Combine that with the hold that Apple has on smartphones and tablet PCs, and Microsoft has no choice but to figure out a collaborative alliance strategy, says Hoque, adding that Microsoft has done all it can on its own by developing Bing and Windows Phone 7 and aggressively marketing both entities.
"In a way, they are stuck," says Hoque. "They have to form alliances."
But in the end, Microsoft's recent partnerships will be good for overall innovation, he says.
"When companies team up, it forces the common enemy - in this case Google or Apple - to be more vigilant about their innovation and ability to stay on top. That's how markets grow."
Is it possible that these alliances might backfire at some point?
"Sure, they could backfire if Microsoft and its partners don't have a good governance model and a smart integration strategy," says Hoque.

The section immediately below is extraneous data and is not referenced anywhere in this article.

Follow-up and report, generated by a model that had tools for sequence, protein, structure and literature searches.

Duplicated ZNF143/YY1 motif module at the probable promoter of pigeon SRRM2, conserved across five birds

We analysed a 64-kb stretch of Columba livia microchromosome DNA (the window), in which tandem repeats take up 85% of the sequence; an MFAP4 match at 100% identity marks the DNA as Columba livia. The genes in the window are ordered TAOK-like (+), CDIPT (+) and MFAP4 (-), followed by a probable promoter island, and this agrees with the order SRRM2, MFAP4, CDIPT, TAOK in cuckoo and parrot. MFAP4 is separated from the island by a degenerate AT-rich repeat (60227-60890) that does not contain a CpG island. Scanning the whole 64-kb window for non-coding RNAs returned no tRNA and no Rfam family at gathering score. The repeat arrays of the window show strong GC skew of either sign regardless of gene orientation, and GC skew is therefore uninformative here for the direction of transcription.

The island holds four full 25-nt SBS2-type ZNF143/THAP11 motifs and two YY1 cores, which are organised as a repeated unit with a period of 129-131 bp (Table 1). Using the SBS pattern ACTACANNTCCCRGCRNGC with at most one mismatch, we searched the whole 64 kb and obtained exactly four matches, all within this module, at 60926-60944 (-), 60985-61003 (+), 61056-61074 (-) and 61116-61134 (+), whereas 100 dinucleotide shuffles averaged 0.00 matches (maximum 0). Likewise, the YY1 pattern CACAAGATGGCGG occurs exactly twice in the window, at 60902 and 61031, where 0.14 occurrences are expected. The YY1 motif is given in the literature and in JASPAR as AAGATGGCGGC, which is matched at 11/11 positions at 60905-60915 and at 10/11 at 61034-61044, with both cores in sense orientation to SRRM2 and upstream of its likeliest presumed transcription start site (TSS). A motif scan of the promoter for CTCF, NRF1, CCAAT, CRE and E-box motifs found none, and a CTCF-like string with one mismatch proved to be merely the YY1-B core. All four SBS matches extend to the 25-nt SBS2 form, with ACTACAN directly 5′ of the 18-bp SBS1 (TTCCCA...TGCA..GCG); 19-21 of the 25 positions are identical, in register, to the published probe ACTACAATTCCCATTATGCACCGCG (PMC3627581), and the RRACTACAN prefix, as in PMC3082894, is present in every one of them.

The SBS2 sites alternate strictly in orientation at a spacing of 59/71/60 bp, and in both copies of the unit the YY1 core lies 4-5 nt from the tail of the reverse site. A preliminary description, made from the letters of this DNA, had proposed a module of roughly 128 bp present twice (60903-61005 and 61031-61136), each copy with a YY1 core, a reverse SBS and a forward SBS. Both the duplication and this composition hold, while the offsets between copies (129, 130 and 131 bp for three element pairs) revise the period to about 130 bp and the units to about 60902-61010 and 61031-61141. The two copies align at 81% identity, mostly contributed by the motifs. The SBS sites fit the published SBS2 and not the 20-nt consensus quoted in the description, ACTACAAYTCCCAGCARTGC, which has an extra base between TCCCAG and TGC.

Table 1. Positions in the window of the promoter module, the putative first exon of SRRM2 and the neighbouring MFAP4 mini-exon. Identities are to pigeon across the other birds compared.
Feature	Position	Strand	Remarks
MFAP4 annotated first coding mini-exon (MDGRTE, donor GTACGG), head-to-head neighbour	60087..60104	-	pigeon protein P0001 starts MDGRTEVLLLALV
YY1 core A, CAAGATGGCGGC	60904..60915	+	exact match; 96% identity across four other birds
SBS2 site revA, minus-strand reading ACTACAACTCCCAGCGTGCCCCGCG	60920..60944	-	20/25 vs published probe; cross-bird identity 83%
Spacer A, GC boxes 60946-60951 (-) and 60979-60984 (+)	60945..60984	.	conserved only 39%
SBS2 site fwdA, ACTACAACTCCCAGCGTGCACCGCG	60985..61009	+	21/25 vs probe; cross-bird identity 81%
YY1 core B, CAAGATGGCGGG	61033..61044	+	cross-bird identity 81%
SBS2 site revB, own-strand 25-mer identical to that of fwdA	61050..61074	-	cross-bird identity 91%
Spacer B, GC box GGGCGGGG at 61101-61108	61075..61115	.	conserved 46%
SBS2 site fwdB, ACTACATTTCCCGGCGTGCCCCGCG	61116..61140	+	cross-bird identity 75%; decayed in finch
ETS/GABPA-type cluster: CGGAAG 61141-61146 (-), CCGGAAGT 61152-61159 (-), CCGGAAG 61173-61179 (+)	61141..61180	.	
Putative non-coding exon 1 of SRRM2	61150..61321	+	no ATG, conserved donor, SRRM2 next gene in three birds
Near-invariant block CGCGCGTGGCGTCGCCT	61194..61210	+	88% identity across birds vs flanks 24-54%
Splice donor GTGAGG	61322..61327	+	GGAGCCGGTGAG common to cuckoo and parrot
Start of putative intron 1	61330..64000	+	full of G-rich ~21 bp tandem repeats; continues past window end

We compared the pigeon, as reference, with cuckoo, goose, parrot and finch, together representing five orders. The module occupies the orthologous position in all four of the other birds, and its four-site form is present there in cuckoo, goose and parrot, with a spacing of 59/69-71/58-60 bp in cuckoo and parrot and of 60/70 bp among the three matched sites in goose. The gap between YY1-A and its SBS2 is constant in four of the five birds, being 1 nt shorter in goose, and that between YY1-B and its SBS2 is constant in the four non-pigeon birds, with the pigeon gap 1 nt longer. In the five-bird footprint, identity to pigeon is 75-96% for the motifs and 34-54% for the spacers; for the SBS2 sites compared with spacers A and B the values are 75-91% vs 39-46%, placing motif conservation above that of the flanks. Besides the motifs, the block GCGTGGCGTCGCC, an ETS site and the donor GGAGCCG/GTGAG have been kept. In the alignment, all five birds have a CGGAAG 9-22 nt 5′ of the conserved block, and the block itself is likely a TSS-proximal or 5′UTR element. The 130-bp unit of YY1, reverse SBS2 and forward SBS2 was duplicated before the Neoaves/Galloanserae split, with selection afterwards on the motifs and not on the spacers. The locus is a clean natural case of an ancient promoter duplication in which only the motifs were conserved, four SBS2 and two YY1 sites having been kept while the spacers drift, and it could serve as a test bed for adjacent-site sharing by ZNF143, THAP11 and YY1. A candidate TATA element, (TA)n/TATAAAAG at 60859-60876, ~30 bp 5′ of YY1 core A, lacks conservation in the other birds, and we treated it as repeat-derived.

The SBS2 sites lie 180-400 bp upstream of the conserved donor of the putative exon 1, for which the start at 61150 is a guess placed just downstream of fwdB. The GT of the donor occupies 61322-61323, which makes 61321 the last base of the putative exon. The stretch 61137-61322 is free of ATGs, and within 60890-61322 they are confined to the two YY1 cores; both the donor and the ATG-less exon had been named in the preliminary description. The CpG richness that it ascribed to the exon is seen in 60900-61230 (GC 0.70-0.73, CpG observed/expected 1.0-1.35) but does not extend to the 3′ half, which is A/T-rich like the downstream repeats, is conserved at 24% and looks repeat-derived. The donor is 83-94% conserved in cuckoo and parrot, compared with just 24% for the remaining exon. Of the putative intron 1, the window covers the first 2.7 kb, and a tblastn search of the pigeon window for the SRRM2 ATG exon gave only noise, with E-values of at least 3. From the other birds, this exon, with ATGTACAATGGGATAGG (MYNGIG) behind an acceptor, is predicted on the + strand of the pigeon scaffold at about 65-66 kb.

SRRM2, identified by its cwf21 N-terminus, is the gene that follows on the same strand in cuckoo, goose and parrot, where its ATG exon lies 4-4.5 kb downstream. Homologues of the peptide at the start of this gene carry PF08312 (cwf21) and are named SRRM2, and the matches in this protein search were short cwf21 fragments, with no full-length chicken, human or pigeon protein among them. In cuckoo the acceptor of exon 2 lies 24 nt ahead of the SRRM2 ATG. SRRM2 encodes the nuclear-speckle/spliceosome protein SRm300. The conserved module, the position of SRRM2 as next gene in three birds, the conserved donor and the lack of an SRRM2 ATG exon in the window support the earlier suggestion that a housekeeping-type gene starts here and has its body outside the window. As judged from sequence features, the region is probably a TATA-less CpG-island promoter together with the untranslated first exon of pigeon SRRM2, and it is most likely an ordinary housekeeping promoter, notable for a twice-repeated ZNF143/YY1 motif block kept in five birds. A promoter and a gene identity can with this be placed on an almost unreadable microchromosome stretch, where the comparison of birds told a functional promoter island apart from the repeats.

It's worth noting that Microsoft does not have a great track record on integrating technologies from acquisitions and partnerships.
The Yahoo partnership has yet to generate the revenue either company expected and has not reduced Google's search market share. Microsoft's 2007 purchase of online advertising company aQuantive for $6.3 billion has had mixed results, and its $500 million acquisition of Sidekick-maker Danger in 2008 led to the disastrous Kin flip phones that folded after two months.
But win or lose, Microsoft's alliances show that the world is hungry for more and better technology. This should come as good news to Apple and Google, says Hoque, even as a united front forms against them.
"Obviously there's a huge demand out there for smartphones and better search functionality, and that's why you see these Microsoft alliances," he says.
"When there's no demand, there's no market."
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